Dosing & Uses
Dosing & Strengths
Radiolucent Gallstone Dissolution
For dissolution of gallstones; effective only in the treatment of cholesterol-rich, radiolucent gallstones (not radiopaque stones) in well-opacifying gallbladders
Combinatin therapy (off-label): 5-7.5 mg/kg/day PO qHS in combination with ursodeoxycholic acid, with or without adjuvant lithotripsy
Indicated for treatment of cerebrotendinous xanthomatosis
Orphan indication sponsor
- Dr. Falk Pharma GmbH; Leinenweberstrasse 5, 9041; Freiburg, Germany
- Sigma-Tau Pharmaceuticals, Inc; 9841 Washingtonian Blvd, Suite 500; Gaithersburg, MD 20878
- Manchester Pharmaceuticals, Inc; 8236 Benson Ct; Fort Collins, CO 80525
Indicated in patients whom selective surgery would be undertaken except for the presence of increased surgical risk because of systemic disease or age
Successful dissolution is more likely if the stones are floatable or small
Safety of use beyond 24 months is not established
Safety and efficacy not established
Serious - Use Alternative
Significant - Monitor Closely
Billiary pain (10-15%)
Increased aminotransferase (>30%)
Frequency Not Defined
Increased LDL and total cholesterol
Black Box Warnings
Not an appropriate treatment for many patients with gallstones because of potential hepatotoxicity, poor response rate in some patient subgroups, and increased rate of cholecystectomy in other subgroups
Reserve for carefully selected patients
Treatment must include systematic monitoring for liver function alterations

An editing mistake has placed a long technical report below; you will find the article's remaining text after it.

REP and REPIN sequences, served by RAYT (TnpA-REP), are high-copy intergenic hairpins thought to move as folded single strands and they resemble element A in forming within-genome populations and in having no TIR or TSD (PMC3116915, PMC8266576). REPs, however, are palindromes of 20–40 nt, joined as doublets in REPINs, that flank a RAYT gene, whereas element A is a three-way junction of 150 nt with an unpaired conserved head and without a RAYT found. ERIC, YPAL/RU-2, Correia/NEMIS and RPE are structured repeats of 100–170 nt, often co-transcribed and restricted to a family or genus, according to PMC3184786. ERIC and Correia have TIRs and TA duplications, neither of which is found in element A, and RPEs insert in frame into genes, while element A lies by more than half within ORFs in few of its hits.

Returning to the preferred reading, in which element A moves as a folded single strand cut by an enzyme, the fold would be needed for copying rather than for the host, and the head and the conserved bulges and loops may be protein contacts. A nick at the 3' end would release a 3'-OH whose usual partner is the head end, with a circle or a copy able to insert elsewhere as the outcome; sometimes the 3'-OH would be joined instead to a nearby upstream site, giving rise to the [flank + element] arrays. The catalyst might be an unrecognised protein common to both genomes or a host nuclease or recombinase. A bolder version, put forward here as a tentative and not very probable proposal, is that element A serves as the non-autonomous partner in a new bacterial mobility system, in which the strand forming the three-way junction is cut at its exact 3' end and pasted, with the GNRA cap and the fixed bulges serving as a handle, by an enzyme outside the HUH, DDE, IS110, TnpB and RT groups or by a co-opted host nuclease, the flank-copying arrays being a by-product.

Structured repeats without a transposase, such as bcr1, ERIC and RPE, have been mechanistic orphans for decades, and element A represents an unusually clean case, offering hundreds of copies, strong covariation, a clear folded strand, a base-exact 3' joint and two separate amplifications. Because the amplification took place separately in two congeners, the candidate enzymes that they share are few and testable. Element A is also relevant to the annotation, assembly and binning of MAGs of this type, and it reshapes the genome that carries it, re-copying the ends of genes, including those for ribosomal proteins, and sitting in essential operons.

Gallstone complication requiring surgery
Known hepatocyte or bile ductal abnormalities, inflammatory bowel disease
Orphan drug status, for use in surgical high-risk patients with radiolucent stones
Concomitant use with clofibrate
Dose related diarrhea occurs
50% of cases have stone recurrence in 5 yr
Pregnancy & Lactation
Pregnancy Category: X
Lactation: unknown whether cevimeline is distributed into breast milk, avoid using in nursing women
A:Generally acceptable. Controlled studies in pregnant women show no evidence of fetal risk.
B:May be acceptable. Either animal studies show no risk but human studies not available or animal studies showed minor risks and human studies done and showed no risk.
C:Use with caution if benefits outweigh risks. Animal studies show risk and human studies not available or neither animal nor human studies done.
D:Use in LIFE-THREATENING emergencies when no safer drug available. Positive evidence of human fetal risk.
X:Do not use in pregnancy. Risks involved outweigh potential benefits. Safer alternatives exist.
NA:Information not available.
Mechanism of Action
Chenodiol itself is a primary acid excreted into the bile, constitutes 1/3 of total biliary bile acid; drug action on gallstone dissolution relies on negative feedback effect on the rate-limiting enzyme for synthesis of cholesterol and bile
Onset: initial response for gallstone dissolution: 3-6 month
Excretion: Mainly in feces (80%)
Metabolism: After absorption, chenodiol is conjugated with glycine or taurine in the liver and rapidly located in the bile; conjugated chenodiol is then reabsorbed in terminal ileum and jejunum, completing the enterohepatic cycle; lithocholic acid (inactive) is formed in the intestine by bacterial dehydroxylation of unabsorbed chenodiol (active); conjugated, sulfated and excreted in the bile; hepatotoxic in animals
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